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I am an East Riding of Yorkshire and Bridlington Town Councillor elected to represent Bridlington South Ward. The views and posts on this site are my personal views and are not those of East Riding of Yorkshire Council or Bridlington Town Council. If you become a member of this Blog I will expect you to adhere to posting comments that are not offensive or illegal.

Wednesday, 12 June 2013

Our High Streets - Our Communities


Motion to ERYC Full Council today.

"This Council will consider extending the 3 week Christmas suspension of weekend car parking charges to run from October to March."
 
The Conservative ruling party made an amendment to the motion which was voted on. Whilst I am disappointed that the amendment is a watered down version of the original motion and we are not capitalising of the “tangible benefits” that Cllr Parnaby mentioned in his press release last year. The Labour Group voted for the amendment as it was a committment to look at funding free weekend parking over Christmas and New Year an extention on the 2012 provision and therefore a victory to the Labour Group and the motion.  
It was stated that the Labour Group had not mentioned this in it's budget.  This was not put in the Conservative budget either as confirmed by their Director today. The motion was as as result of the Report below.

The Centre for Retail Research published its analysis of how UK retailing will have changed by 2018 on 28 May 2013, Retail Futures 2018.

Retail Futures 2018 forecasts that by 2018:
Total store numbers will fall by 22%
  • Job losses could be around 316,000 compared to today
  • The share of online retail sales will rise from 12.7% (2012) to 21.5% by 2018 or the end of the decade.
  • There will be a further 164 major or medium-sized companies going into administration, involving the loss of 22,600 stores and 140,000 employees. Many of these companies will survive but at the cost of closing more than half their stores.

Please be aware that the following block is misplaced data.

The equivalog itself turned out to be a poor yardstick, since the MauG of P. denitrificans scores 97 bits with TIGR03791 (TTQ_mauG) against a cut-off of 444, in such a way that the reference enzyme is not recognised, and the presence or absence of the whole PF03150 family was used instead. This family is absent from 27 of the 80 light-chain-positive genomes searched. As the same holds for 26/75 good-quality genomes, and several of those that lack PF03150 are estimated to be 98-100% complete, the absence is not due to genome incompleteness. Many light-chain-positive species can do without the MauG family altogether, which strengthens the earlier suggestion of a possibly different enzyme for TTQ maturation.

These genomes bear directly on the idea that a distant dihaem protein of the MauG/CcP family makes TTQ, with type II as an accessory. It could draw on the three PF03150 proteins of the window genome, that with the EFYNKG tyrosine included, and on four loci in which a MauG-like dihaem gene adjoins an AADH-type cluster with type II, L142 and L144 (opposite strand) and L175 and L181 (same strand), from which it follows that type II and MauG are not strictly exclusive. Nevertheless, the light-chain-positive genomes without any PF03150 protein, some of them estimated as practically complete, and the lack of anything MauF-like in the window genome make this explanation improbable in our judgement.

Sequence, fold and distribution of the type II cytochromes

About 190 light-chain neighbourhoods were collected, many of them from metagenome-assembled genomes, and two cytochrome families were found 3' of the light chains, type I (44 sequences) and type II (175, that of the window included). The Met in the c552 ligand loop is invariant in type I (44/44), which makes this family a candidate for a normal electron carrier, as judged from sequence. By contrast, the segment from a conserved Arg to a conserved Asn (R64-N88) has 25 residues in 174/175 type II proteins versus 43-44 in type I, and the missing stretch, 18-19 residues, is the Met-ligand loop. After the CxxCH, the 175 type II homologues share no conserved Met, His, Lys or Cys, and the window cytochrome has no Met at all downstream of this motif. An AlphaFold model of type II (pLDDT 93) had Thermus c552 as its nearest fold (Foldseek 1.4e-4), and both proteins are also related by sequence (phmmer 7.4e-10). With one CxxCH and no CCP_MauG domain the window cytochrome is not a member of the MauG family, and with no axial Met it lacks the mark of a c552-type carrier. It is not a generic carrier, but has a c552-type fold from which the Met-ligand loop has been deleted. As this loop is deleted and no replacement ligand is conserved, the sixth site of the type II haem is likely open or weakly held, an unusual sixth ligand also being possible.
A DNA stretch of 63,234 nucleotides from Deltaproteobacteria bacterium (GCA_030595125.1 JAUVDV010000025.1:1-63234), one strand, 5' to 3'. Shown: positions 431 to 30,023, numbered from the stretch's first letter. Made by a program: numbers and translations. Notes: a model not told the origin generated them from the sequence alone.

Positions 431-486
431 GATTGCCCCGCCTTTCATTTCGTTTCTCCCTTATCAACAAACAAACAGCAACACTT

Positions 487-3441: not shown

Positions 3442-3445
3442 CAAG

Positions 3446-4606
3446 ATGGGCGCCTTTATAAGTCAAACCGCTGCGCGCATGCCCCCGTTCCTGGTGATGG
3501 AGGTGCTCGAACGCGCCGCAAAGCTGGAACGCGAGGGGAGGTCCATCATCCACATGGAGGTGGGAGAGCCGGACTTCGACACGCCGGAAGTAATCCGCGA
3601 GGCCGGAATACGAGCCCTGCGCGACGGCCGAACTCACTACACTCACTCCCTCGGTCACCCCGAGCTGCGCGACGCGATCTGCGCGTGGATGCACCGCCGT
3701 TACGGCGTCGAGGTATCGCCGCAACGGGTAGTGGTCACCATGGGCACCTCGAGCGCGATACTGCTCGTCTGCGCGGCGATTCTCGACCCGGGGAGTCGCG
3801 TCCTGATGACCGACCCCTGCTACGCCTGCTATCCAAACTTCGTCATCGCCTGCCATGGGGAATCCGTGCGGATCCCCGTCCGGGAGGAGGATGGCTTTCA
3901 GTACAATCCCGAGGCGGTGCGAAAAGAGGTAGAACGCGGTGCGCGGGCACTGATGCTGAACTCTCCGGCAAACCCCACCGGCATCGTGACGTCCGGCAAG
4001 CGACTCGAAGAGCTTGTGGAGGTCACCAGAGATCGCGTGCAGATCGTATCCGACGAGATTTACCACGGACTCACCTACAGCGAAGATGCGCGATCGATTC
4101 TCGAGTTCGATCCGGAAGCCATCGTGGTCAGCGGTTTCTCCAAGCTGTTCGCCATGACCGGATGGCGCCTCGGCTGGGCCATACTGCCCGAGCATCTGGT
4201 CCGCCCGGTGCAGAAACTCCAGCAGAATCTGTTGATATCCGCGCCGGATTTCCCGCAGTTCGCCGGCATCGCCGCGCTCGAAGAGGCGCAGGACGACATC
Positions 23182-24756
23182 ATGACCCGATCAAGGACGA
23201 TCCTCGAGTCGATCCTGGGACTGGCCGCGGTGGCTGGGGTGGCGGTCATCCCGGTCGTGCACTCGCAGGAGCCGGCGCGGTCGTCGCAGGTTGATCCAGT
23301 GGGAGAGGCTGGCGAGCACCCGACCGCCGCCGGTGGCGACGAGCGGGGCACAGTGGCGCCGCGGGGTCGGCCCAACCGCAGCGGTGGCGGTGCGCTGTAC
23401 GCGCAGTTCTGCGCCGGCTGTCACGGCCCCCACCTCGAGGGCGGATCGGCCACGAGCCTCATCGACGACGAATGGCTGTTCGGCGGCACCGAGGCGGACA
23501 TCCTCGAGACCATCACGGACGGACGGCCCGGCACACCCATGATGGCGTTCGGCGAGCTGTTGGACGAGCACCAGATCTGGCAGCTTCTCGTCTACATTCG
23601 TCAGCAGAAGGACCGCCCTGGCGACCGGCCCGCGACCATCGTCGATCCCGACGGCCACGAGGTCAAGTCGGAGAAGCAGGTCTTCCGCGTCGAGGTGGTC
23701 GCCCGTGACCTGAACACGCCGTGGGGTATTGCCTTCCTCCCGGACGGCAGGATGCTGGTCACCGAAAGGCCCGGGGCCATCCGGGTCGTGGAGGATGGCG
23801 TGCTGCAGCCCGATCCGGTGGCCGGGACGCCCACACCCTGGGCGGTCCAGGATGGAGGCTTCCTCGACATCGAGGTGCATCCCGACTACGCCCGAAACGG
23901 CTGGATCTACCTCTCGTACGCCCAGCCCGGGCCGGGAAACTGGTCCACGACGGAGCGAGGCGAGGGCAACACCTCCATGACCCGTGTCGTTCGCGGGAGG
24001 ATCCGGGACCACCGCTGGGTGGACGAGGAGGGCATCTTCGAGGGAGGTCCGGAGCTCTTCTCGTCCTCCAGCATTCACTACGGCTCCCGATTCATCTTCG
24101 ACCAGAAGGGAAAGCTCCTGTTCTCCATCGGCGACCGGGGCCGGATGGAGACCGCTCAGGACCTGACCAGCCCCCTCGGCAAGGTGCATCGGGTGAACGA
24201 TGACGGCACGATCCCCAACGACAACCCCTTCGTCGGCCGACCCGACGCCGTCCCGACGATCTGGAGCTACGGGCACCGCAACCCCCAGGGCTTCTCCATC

• In spite of the Portas Pilots, the High Street will continue to suffer: around 41% of town centres will lose 27,638 stores in the next five years.

Across the country the situation varies drastically as disadvantaged retail pockets become more prominent. More towns will need some reduction of retail space because of the fall in the demand for shops. However Retail Futures 2018 predicts that more than a third of town centres (41% or 153 stores) could experience a rapid decline by 2018 if no action is taken. Just over a fifth (78 or 21%) of towns are declining in retail terms and 75 are stable but under pressure. The retail centres most vulnerable are those near low-income populations located on secondary or tertiary shopping areas.

 Yorkshire and Humberside are predicted to loose 26% of their retail businesses by 2018.

The report further states the following:

 
Car parking. The high cost or undersupply of convenient car parking is one of the main problems that high-street retailers face. Many local authorities, antagonistic to private transport, have used parking charges as a cash cow, which has driven shoppers to supermarkets and retail parks which usually have convenient parking and no or low parking charges. Car-parking issues should have been one of the first priorities of attempts to revive problem high streets.

The  Report does not argue that retailers' problems are solely internet-based, but are caused by weak consumer demand, changing consumer behaviours, heavy occupancy costs (yes, including business rates), car parking issues and the fracturing of the traditional retail business model.

The organisation has carried out a consumer report, not yet published. Amongst other things it asked about high street and the reason why used less than a few years ago. Car parking/charges were in the top three problems cited by 72% of the 1,000 respondents.

Nearly 3000 retail establishments in ERYC pay £18,947,120.62 in business rates.  Loosing 1/5th of this by 2018 will result in a loss of £3,789,424.12.

This does not take into account of the unemployment etc.

We need to act now to save our high streets especially during the winter period.